Putting the “Gossip” Accusation to Rest Once and For All
1Co 1:11 For it has been reported to me by Chloe’s people that there is quarreling among you, my brothers.
If you have had the misfortune of being targeted by the religious abuser, there is little doubt that the subject of this post is familiar to you. “Pious” abusers love to use the gossip tactic to silence the victim saying anything negative about them to anyone else. I have experienced this very thing many times, and like most of you, I let it trip me up for quite a while until I came to my senses and realized what was really going on.
Abusers work hard to maintain a code of silence in their homes. This is one reason that you never really know what happens inside their walls. They don’t like their victims getting close to anyone and they work at isolating them. Should their victim ever say anything negative (or sometimes even positive) about them to anyone else, or even share with others in normal conversation what they did the previous day at home, etc., the abuser will come unglued. And very typically what he will do is make this gossip accusation, citing Scripture as his support. “Gossip is evil. Slander is a sin. As my wife you have disrespected me by talking about me.” Guilting. Accusing. You know the drill.
The single verse cited above fully and finally devastates this gossip accusation tactic. “Chloe’s people” had come to the Apostle Paul and reported to him what was going on in the church at Corinth. Bad stuff. Division. Arrogance. Sin being tolerated in the church and even some members suing one another! Chloe’s people (the church who met in Chloe’s house?) “gossiped” big time to Paul! What did Paul do? He listened to the report, he believed it, and he sat down and wrote this letter calling the guilty ones to repentance. Oh yeah. He did just that.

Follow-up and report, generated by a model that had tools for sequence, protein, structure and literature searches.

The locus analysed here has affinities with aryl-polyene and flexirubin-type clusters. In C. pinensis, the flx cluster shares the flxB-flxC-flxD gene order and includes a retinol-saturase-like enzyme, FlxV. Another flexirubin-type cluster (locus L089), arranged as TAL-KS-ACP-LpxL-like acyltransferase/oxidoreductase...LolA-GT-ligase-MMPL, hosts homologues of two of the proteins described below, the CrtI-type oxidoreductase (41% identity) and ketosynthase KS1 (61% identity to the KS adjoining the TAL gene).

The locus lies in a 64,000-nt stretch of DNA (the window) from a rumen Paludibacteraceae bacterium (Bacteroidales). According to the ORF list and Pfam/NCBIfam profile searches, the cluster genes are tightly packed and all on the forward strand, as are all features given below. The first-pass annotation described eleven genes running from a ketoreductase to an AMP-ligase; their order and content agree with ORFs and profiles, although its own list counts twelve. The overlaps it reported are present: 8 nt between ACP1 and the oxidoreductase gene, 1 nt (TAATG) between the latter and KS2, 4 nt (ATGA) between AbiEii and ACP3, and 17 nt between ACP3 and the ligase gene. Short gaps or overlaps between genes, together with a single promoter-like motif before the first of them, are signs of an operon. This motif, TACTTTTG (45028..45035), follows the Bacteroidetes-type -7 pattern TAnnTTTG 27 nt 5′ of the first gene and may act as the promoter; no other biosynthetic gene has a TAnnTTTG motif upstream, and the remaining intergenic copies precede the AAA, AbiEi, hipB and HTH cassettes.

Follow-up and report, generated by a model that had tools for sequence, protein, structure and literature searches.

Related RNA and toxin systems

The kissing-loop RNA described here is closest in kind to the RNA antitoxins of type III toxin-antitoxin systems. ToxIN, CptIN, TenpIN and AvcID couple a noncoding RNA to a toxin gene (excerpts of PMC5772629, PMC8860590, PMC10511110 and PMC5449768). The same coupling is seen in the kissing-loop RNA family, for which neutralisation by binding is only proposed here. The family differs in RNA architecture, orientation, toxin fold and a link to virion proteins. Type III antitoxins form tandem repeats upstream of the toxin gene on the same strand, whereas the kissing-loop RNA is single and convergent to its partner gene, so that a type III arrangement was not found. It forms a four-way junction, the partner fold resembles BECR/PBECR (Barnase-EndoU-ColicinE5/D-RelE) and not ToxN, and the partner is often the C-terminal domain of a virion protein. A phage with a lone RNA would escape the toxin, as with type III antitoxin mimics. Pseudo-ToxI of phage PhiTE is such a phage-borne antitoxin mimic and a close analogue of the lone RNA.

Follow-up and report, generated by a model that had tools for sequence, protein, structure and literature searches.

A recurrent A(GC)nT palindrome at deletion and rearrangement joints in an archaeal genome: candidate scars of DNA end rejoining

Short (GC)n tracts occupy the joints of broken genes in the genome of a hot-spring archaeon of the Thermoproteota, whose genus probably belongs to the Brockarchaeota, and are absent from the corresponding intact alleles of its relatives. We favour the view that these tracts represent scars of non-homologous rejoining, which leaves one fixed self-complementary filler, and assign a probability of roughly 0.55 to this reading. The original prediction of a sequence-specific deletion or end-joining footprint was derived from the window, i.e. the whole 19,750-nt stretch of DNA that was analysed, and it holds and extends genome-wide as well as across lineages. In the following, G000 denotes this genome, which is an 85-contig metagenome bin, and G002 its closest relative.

I remember once many years ago telling one of our church board members (long since out of our church for sin) about an obvious, ongoing sin that was evident in the life of one of the other members. My motive was good. It was for calling the guilty person to accounts and to repentance, and for the protection of the church and for the glory of Christ. What did this board member do? Pulled the gossip card. “Pastor, are you sure it is really ethical for you to be telling me this?” I was taken aback. I felt guilty. I fell for it hook, line and sinker. This proved to be a pattern in this board member’s life. Narcissism, control, craving power. He was characterized by secrecy and silence, so much so that his own immediate family members very often knew nothing about what other members of their own family were doing. An atmosphere of paranoia reigned in that home. Never, never, never talk. Never, never, never tell. That would be gossip.
So don’t fall for this line. In fact, why don’t we all memorize 1 Cor 1:11 and quote it the next time one of these characters pulls the gossip gun on us?